i wonder how much easier it would be to resurrect the phone if one could pop the back cover off and extract the battery…

    i also seem to recall a treatment some company was showing off, that would make just about any portable device water proof.

    i think they had a dap submerged in water playing music all of CES or something, only have to take it out to clean the battery contacts and headphone jack of electrolytic deposits or something.

  6. Ben says:

    As much as people seem to want a removable battery, I would rather have it enclosed in the case of the iPhone. First of all, I don’t think it would be any easier to fix the phone, water would still be throughout. As for the unibody phone, not having a removable battery means less space taken up by all the pieces necessary to make that happen, and more room for battery. My phone lasts me all day and gets charged at the end of the day, I don’t have a problem with it. I think a relatively small number of people would actually tote multiple batteries with them and swap them out as they run out, and Apple knows that. They created a highly aesthetically pleasing, extremely durable unit. I’d rather not have a thin piece of plastic and a latch to hold it closed on the back of the iPhone.

  7. Tim says:

    I’m on iphone number 3 and my first one (iphone 2G) I had for only 17 hours before I was caught in a torrential downpour and it got soaked in a sports bag that it was being carried in. Took it to a shop that dried out the mobo and found it would cost more than the original purchase price to repair… so that’s how I made my move to the iPhone 3G :)

  8. Sam says:

    The best way is to take out the battery and submerge the cell phone immediately into 100% Ethanol. Ethanol is much more efficient in absorbing water within a few minutes. After that just keep it in the open space for few hours as ethanol is also very quick to evaporate. This always works without any damage to the cell phone.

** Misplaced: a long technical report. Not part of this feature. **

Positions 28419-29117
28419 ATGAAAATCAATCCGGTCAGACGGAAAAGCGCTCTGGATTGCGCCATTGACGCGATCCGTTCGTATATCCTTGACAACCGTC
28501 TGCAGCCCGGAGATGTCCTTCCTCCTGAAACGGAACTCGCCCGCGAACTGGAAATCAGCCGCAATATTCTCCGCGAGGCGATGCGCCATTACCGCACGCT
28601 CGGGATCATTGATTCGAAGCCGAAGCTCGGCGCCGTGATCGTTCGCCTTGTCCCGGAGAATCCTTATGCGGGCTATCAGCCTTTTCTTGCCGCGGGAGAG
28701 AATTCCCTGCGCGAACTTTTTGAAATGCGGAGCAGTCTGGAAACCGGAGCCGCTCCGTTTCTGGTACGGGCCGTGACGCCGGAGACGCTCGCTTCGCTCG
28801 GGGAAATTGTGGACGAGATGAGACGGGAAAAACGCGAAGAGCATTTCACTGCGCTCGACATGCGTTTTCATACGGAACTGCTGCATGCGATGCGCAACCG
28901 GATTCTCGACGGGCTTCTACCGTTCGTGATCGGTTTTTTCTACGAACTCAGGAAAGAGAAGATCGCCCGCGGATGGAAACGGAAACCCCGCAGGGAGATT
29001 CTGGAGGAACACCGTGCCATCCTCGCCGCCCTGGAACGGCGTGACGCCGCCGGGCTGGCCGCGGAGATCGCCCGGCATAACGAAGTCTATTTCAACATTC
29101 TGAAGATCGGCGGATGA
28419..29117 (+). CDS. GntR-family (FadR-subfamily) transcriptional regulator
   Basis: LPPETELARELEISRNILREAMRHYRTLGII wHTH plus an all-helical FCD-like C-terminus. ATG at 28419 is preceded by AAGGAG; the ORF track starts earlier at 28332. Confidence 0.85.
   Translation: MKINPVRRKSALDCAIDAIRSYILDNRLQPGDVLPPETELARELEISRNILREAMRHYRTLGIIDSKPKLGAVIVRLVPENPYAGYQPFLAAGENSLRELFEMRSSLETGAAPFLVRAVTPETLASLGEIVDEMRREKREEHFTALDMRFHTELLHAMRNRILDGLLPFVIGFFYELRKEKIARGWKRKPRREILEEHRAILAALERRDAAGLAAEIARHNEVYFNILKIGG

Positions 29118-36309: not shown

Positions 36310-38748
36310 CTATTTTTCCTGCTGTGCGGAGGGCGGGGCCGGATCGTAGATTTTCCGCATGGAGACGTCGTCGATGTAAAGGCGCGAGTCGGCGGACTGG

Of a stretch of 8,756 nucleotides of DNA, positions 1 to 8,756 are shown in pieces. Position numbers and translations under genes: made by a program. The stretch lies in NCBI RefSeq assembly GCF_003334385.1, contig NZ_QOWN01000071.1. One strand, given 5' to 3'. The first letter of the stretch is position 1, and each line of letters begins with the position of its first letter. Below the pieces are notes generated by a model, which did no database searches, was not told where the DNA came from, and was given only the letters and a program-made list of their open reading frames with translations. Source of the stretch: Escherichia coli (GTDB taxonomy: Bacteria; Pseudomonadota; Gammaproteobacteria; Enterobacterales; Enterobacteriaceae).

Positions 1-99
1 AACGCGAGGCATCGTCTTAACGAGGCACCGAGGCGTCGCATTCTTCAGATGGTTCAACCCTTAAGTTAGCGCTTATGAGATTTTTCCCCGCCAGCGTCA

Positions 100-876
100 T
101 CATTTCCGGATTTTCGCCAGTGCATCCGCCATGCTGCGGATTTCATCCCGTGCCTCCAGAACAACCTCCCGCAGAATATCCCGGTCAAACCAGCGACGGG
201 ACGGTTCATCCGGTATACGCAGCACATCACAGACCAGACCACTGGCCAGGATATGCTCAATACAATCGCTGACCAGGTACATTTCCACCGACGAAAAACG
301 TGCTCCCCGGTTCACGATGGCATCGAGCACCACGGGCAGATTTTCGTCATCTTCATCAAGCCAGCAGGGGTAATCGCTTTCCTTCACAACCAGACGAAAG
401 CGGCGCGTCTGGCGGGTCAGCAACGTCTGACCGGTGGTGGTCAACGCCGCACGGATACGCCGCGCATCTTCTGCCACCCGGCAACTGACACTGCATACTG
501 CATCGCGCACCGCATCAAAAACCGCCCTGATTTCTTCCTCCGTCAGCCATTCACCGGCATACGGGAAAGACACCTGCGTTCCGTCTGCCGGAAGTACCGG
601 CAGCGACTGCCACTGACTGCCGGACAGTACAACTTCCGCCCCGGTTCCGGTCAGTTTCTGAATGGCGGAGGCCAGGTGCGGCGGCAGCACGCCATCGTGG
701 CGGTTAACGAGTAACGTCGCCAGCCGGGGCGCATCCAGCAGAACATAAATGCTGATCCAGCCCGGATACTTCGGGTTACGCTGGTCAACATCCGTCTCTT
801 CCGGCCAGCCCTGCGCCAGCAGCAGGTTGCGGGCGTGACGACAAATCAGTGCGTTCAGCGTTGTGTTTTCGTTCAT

9. Ben says:

    Interesting technique, have you done it before?

  10. Domin says:

    100% Ethanol or close to 100% – this works. Cleaned that way my Nokia that felt into sweet juice. Rescued walkie-talkie after it was wet with sea water. Only you have to be carefull with chasis of device as sometimes Ethanol might react with surface (especially with plastic glass for screen).

  11. pradyut says:

    This is truly an amazing story… just a matter of time before apple fan boys post links to this all over…

  12. Sarig says:

    Whenever I drop a phone or a gadget into water (or a pint of beer as it once was), I just remove the battery and leave it for drying for at least 24 hours, in a warm dry place. Hadn’t heard of the rice thing before, but it’s certainly something I’ll remember for the future.

    Being able to remove the battery and thus at least being able to prevent further electrical damage is something I would think is important though.

  13. TJ says:

    +1 on the 100% Ethanol… or rubbing alcohol (not 100%) if nothing else. Remove battery if able, dunk and remove. Shake out excess, place on towel in oven on WARM. Less than 150f or use hair dryer.
    3 items brought back to life.

  14. EC says:

    It will over time die on you if it has moisture damage. It will eat up the circuit board connections over time.

  15. Ben Lang says:

    @XavierLanier I dropped mine in some water and its still working : P sounds like either I have good luck, or you, bad. http://is.gd/oA6N

  16. Evi says:

    my iphone 3g fell in the sea at night… no chance to find it until after 4 hours where there was enough light to see at the bottom of the sea… I just washed it with fresh water, dried it with the blowdryer for a while and put it in a bag of rice.. After 3 and a half days I removed it from the bag and still it wont switch on… I have heard of cases that the phone wouldn’t switch on until after several days or weeks and that the phone would be fully operational.. Any suggestions on what else to do?

  17. Sherrilyn says:

    I got an iPhone 3G as a gift from my best friend. This phone is the best phone that i ever had, great style and great features. I luv my iPhone 3G.

  18. danwix says:

    I love my iphone!